Well, duh. I don’t believe this is the first study linking racism to “mental disorders,” although it may be the first study to examine kids of “varied races.” I’ll have to pull the article to see what it really has to say, but here are some quotes that jumped out from this USA Today article:
It’s possible that prejudice harms children’s mental health, but it is also possible that troubled kids prompt more discriminatory remarks from peers or that children with emotional problems perceive more bias, says study leader Mark Schuster, a Harvard pediatrician and pediatrics chief at Children’s Hospital Boston.
It’s possible? Glad to see the possibility is being acknowledged. But of course, it just might be the kids’ fault for attracting more racism! Or maybe it’s just a matter of perception!
And maybe I don’t speak racismese all that fluently, because I read this paragraph three times and am still not sure what it’s trying to say:
The study asked students whether they “ever” experienced racism, and that raises a question, says Rebecca Bigler, a University of Texas psychologist. In other research, children who report racism consistently say it rarely happens, she says. “We don’t know if it was a rare occurrence with these kids. Maybe it only has to happen once to be devastating if you’re young.”
Since these “experts” are being paraphrased, I’ll give them the benefit of the doubt until I read the actual article. But it doesn’t look good..
Another article quotes the lead author:
“It was surprising to see positive associations between perceived racial and ethnic discrimination in the children and symptoms of all four examined mental health conditions,” said lead author Dr. Tumani R. Coker, clinical instructor of pediatrics at Mattel Children’s Hospital UCLA and an associate natural scientist at RAND.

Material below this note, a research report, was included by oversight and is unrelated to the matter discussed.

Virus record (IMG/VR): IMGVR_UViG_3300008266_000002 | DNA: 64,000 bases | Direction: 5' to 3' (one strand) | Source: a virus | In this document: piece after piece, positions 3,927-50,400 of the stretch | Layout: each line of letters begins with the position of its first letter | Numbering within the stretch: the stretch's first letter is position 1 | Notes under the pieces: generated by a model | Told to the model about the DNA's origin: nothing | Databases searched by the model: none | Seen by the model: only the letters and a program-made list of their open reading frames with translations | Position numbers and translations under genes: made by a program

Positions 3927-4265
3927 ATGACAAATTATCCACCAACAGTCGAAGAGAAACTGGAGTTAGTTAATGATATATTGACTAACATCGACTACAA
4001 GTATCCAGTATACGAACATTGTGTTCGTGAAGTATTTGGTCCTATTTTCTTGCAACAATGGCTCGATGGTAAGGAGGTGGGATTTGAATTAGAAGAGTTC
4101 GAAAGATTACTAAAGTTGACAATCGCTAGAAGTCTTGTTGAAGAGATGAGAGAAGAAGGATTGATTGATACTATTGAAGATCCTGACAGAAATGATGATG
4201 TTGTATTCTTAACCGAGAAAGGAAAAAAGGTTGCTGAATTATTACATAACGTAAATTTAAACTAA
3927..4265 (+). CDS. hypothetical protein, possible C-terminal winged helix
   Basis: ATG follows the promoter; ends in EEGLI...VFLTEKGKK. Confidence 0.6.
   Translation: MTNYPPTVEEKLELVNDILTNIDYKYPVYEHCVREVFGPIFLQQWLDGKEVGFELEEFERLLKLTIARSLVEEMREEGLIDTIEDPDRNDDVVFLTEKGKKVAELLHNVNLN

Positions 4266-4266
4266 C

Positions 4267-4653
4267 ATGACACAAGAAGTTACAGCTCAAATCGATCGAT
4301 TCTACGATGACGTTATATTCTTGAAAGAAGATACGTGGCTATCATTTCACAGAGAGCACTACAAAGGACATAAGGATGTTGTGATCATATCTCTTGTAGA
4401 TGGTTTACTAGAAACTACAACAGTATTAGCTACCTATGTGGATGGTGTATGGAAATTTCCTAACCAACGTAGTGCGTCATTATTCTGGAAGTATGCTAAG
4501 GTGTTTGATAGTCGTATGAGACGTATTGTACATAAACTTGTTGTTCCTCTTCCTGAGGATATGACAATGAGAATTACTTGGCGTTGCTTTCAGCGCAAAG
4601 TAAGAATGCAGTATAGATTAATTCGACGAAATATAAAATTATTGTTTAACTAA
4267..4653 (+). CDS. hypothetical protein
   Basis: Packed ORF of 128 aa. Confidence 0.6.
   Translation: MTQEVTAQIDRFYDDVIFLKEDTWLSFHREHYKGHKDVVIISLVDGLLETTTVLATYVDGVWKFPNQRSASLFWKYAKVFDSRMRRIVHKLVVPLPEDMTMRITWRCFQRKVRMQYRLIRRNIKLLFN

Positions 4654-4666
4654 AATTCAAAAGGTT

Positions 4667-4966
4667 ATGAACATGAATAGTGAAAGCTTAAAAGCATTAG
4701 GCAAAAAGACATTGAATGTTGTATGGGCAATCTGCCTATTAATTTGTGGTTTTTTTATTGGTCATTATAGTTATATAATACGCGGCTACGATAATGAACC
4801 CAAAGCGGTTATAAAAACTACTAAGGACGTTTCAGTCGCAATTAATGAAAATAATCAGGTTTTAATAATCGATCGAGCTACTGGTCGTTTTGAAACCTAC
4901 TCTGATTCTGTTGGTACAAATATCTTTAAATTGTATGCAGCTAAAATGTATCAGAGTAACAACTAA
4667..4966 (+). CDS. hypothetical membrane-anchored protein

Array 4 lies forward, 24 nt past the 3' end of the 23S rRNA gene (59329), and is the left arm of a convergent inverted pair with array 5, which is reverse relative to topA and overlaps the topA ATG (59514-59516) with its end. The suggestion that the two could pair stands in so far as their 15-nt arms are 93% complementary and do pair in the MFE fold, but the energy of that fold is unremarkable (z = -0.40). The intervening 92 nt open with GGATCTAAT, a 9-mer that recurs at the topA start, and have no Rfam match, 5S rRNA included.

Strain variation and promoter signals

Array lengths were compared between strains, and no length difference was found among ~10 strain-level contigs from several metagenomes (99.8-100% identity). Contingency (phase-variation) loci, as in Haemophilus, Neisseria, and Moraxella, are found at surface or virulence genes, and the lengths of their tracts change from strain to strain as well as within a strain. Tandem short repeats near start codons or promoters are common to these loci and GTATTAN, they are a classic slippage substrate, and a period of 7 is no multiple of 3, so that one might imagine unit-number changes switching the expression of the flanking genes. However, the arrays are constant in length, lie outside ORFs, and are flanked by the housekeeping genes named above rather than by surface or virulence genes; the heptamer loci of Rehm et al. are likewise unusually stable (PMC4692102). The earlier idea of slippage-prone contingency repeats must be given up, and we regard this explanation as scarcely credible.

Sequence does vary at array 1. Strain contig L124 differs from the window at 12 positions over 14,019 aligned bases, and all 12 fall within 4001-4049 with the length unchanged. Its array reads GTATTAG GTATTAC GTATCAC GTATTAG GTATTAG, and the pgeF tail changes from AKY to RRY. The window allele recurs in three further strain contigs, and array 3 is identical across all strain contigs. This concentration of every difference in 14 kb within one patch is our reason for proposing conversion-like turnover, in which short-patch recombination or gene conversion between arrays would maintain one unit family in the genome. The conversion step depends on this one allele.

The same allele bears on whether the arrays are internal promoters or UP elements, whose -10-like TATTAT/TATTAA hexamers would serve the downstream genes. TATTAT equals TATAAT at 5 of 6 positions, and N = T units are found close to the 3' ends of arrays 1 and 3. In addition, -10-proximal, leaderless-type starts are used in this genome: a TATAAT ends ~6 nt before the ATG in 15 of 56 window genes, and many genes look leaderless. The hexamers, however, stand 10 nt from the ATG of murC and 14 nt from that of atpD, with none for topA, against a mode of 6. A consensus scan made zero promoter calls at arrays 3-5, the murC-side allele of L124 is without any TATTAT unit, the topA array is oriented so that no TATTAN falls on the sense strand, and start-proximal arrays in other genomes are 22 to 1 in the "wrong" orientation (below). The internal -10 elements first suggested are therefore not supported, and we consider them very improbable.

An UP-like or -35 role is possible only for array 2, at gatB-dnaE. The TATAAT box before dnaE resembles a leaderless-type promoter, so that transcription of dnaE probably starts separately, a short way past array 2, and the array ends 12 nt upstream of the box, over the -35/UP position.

“Parents, clinicians and teachers should be aware that children may experience racial and ethnic discrimination in and out of school and that there may be detrimental effects on their mental health.”
Wait, the author was surprised that racism might be associated with depression or other mental health conditions? And what’s up with saying that children may experience racism in and out of school and that there may be detrimental effects on their health? Oh yeah, I forgot that white kids were included in this study.
The senior author is quoted as well:
“It is concerning that children this young are already reporting that they have faced racial or ethnic discrimination,” said senior author Dr. Mark A. Schuster, William Berenberg Professor of Pediatrics at Children’s Hospital Boston and Harvard Medical School.
“We need to examine what they are experiencing and how to address this issue.”
Geez, I find it concerning that a professor of pediatrics is surprised that children in fifth grade report that they’ve faced racism. Because I would hope that people are aware that it happens much, much sooner than fifth grade. Here I think the problem has to do with children not being able to articulate what racism is, with the possible exception of the most blatant sorts of examples.
I’ve said it before and I’ll say it again: We aren’t going to get any work done here until people stop asking the question “Is racism harmful?” and start asking “What are we doing to eradicate racism?”